Disclaimer: all content here is solely my own views, and in no way represents the views of my employer, or anyone else. Also, I'm documenting things as I learn about them, so expect frequent errors. Corrections will occur without notice and without a changelog at this point.
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Image Credit: Electro-recording Apparatus
Earliest source: William Cranch Bond. Annals of the Astronomical Observatory of Harvard College / History and Description of the Astronomical Observatory of Harvard College vol. 1. Metcalf and Company, 1856.annals1
As described in the annals, this device uses "electro-magnetism" and "galvanic current". It is electrically wired to the observatory clock, and to switches placed at all of the major instruemnts. It records clock ticks in spirals on a paper cylinder, which is pulley driven. It also records signals from any of the instruments. So for example, when a transit is being measured, the precise instant a star transits the meridian, the observer will press a switch which will record an event on the cylinder.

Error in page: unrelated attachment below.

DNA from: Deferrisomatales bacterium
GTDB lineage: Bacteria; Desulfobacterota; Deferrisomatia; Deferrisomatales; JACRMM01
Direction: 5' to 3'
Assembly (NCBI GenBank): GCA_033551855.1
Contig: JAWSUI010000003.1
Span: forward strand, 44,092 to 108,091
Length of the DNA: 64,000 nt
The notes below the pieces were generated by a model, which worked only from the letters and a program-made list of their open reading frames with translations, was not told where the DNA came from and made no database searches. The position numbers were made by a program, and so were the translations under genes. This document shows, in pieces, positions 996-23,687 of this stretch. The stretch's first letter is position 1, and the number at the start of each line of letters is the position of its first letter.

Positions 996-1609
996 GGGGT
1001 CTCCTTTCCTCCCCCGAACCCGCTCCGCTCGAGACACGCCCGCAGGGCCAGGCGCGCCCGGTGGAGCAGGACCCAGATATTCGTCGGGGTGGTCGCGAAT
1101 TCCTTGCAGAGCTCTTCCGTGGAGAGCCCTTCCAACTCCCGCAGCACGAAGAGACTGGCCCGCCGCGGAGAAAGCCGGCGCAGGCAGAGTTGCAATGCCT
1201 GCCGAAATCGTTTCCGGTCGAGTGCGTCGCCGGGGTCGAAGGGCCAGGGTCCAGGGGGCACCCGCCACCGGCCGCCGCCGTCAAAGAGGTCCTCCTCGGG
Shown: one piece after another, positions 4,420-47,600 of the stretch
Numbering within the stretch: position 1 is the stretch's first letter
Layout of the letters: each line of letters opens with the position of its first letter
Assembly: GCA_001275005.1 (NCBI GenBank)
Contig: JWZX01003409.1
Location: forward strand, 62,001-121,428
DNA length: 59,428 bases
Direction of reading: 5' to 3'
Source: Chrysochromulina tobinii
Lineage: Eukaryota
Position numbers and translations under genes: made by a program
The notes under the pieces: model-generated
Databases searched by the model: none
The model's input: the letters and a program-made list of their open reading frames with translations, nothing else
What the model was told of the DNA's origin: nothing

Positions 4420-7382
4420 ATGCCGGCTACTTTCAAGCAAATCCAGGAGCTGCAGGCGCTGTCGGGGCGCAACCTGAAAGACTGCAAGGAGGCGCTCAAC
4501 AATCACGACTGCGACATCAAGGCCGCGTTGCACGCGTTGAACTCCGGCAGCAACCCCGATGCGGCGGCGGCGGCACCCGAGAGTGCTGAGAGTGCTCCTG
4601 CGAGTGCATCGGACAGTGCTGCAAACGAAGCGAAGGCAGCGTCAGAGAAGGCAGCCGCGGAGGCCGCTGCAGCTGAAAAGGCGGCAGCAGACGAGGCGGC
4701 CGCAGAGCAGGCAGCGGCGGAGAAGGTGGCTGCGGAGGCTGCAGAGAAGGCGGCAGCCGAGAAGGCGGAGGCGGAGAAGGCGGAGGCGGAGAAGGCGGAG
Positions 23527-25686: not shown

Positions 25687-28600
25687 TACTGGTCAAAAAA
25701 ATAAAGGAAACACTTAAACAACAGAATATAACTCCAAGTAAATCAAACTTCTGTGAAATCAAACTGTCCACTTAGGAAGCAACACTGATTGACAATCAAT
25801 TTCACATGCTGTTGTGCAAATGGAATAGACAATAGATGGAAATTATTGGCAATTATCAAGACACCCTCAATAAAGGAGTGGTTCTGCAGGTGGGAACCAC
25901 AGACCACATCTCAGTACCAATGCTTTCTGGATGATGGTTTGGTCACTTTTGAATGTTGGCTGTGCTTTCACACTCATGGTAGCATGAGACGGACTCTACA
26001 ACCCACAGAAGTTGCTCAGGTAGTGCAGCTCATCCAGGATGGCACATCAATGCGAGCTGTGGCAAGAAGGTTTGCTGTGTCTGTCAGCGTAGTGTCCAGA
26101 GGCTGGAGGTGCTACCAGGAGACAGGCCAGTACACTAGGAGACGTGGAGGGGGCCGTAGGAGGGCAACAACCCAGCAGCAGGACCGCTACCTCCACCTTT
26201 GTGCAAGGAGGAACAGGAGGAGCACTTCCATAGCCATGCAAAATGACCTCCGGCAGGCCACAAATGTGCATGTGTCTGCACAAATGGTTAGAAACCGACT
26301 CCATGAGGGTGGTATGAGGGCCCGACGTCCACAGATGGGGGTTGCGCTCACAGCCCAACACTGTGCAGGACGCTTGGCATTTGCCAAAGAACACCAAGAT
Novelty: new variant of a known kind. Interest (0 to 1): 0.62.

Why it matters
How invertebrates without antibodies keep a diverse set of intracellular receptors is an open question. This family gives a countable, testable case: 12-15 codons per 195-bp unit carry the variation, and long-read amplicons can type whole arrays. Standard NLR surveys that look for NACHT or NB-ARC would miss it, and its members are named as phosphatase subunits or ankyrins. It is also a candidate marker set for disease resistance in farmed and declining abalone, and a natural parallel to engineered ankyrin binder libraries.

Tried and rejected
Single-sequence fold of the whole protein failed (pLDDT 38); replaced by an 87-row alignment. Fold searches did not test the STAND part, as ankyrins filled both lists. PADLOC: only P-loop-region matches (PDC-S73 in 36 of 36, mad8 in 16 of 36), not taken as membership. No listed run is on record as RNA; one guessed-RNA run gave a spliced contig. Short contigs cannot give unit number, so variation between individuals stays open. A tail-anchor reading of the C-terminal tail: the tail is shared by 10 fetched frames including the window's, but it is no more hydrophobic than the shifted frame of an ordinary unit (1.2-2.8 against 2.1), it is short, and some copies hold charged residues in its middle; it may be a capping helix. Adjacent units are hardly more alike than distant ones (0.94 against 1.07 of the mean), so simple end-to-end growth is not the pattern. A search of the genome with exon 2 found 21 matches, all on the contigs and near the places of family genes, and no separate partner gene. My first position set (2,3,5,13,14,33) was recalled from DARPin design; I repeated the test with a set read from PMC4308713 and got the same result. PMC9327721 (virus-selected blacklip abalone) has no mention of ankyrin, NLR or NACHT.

Here's my understanding at this time. The precise timing of star transits on the meridian circle is used to determine the star's exact position at the meridan, and hence in the sky. The prime vertical (transit circle) instrument can then be used to measure the exact time a star crosses the prime vertical circle (the vertical circle which is perpendicular to the meridian circle). Based on the star's known position, and this time, the observatory was able to make precise measurements of its latitude, which by 1856 was 42° 22' 48.1", which at the time was the most accurately measured latitude on Earth.
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